2014-2015 Academic Year
While all CSII publications include a report, most also come with an executive summary, research briefs, and the occasional infographic.
November 19, 2015
The Center for American Progress (CAP) and USC Center for the Study of Immigrant Integration (CSII)
By Manuel Pastor, Tom Jawetz, and Lizet Ocampo
On the one year anniversary of President Obama's executive action announcement, the Center for American Progress and CSII release a new report calculating how many potential votes could be on the line for the country's political leaders when it comes to their stance on Deferred Action for Parents of Americans (DAPA).
CSII provides new state-by-state projections of how many U.S. citizens (of voting age) live with unauthorized family members who would be eligible for DAPA under the president’s plan—we call them "DAPA-affected voters".
The report demonstrates how the growing electoral impact of DAPA-affected voters could play a decisive role in key battleground states in the 2016 elections and beyond.
By Manuel Pastor, Jared Sanchez, and Vanessa Carter
March 11, 2015
With DAPA (Deferred Action for Parents of Americans and Lawful Permanent Residents) implementation temporarily stalled, new research released by the USC Center for the Study of Immigrant Integration takes a closer look at the significant economic and social impacts of DAPA on an estimated 5.5 million U.S. citizen children.
By Enrico A. Marcelli and Manuel Pastor
The USC Center for the Study of Immigrant Integration and San Diego State University present 15 new fact sheets titled “Unauthorized and Uninsured,” which measure current levels of health insurance coverage for undocumented immigrants in 14 California communities and their respective counties.
By Manuel Pastor, Patrick Oakford, and Jared Sanchez with Center for American Progress (CAP) and the National Parternship for New Americans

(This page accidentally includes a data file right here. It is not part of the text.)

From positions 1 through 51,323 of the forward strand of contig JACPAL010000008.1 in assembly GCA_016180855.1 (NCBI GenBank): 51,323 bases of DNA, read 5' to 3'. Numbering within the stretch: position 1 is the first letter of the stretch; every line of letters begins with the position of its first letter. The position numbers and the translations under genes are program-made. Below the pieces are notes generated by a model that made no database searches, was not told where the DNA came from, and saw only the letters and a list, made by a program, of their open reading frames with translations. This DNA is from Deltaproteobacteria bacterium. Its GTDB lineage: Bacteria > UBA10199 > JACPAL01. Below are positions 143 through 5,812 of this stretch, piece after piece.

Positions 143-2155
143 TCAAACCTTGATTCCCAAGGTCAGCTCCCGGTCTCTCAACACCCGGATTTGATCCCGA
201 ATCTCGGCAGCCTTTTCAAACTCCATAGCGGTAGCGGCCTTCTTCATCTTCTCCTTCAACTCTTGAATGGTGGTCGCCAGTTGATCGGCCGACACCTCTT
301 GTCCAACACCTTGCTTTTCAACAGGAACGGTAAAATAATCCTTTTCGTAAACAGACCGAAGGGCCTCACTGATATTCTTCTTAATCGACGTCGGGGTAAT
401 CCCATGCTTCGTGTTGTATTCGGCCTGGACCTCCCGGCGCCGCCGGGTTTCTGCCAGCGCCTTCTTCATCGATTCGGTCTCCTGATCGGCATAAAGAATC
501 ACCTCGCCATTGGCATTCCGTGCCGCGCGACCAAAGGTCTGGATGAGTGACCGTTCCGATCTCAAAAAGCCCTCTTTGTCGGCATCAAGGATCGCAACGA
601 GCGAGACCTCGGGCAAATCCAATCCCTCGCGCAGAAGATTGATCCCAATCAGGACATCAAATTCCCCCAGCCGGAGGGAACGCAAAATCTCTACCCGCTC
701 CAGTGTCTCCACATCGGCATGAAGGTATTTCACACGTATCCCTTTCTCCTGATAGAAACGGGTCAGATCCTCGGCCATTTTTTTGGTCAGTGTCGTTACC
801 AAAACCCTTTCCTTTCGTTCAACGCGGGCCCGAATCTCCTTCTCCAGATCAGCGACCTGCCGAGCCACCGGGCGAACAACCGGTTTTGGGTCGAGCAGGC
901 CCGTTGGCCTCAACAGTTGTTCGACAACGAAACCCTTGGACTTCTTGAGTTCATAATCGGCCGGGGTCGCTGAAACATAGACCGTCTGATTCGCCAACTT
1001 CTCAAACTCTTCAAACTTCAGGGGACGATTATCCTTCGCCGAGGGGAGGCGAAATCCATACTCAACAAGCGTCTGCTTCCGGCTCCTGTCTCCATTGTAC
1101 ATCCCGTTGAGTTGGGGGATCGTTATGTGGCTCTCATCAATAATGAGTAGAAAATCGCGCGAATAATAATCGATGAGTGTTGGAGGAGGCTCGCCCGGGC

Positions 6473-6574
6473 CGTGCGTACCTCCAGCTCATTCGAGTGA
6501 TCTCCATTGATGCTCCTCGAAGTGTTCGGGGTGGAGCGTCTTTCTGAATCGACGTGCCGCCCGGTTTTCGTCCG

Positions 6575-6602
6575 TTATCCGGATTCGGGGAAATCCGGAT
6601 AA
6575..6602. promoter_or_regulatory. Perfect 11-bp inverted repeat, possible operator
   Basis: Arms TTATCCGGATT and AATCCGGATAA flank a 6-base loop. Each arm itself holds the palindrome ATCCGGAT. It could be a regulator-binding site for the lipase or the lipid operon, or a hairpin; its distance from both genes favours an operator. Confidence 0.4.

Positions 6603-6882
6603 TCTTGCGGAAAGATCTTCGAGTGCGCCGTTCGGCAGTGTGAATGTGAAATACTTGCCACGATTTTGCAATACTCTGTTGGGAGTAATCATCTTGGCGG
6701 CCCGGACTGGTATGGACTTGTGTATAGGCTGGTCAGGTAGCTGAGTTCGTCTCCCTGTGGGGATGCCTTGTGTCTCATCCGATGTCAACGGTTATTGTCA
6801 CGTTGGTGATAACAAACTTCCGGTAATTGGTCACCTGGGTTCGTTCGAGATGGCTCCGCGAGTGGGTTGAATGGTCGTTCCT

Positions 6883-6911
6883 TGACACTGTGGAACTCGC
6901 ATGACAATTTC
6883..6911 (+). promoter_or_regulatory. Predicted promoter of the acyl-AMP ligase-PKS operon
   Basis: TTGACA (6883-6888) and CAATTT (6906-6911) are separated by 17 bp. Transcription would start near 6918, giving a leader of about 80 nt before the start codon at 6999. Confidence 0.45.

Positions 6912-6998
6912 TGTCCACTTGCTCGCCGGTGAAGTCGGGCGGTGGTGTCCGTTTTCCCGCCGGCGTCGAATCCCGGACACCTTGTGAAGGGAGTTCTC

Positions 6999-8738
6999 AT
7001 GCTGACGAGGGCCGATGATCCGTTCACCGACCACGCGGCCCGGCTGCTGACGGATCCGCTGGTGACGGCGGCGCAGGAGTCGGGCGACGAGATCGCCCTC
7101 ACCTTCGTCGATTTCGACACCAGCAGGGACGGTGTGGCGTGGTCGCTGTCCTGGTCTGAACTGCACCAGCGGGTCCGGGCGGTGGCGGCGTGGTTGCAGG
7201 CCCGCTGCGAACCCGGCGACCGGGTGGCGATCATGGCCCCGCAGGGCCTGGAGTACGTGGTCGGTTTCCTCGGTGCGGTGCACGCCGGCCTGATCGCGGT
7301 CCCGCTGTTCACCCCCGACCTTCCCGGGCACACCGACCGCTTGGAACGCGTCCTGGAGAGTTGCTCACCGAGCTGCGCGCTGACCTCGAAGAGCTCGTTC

"Recent research, including Nurturing Naturalization report (2013), has suggested that the high fees to naturalize may serve as an impediment to Legal Permanent Residents (LPRs) seeking citizenship.
To understand what fee changes might mean going forward, it would be useful to have a more detailed profile of those eligible to naturalize, including by income, education and English language ability - information not readily available in Office of Immigration Statistics data.
NPNA commissioned this research (released in January 2015) which aims to help policymakers, advocates, and service providers understand more clearly this pool of potential U.S. citizens."
September 17, 2014
The Center for Popular Democracy (CPD), the National Partnership for New Americans (NPNA), and the Center for the Study of Immigrant Integration (CSII) has released "Citizenship: A Wise Investment for Cities" on the civic, economic, and social benefits of naturalization in American cities.
By the California Immigrant Policy Center (CIPC) and CSII
This report by CIPC and CSII is the third in a series of bi-annual "Looking Forward" reports that explore the economic, civic, and social impacts of immigrants in California. In addition to statewide research, it also includes more in-depth looks at the data across different regions.
Regional data inserts are available for the following regions: Central Coast, Central Valley, Sacramento region, Greater Los Angeles, Inland Southern California, San Diego/Border region, and the San Francisco Bay Area.
By Manuel Pastor, Justin Scoggins, Vanessa Carter, and Jared Sanchez
Jointly published with the Center for American Progress
July 24, 2014
View/download this report »
By Enrico Marcelli, Manuel Pastor, and Steven P. Wallace
By Norma Stoltz Chinchilla and Nora Hamilton
Preliminary Findings from the National UnDACAmented Research Project
By Roberto G. Gonzales, Harvard Graduate School of Education and Veronica Terriquez, University of Southern California
August 15, 2013
By Manuel Pastor and Enrico Marcelli
With Vanessa Carter and Jared Sanchez
By Manuel Pastor, Jared Sanchez, Rhonda Ortiz, and Justin Scoggins
Commissioned by the National Partnership for New Americans
With funding from the John S. and James L. Knight Foundation
By Veronica Terriquez, John Rogers, Alejandra Vargas-Johnson and Caitlin Patler
By Arely Zimmerman, Anthony Perez, Michelle Saucedo, Jennifer Ito, and Manuel Pastor
Commissioned by the UCLA Labor Center
Funded by Unbound Philanthropy
By Manuel Pastor and Justin Scoggins
By Manuel Pastor and Jared Sanchez
By Veronica Terriquez and Cailtin Patler
By Manuel Pastor, Juan De Lara, and Justin Scoggins
By Rob Paral and Associates
By Rob Paral and Associates
By Veronica Terriquez and Vanessa Carter
By Manuel Pastor, Justin Scoggins and Jennifer Tran
By Manuel Pastor, Justin Scoggins, Jennifer Tran, and Rhonda Ortiz
By Manuel Pastor and Rhonda Ortiz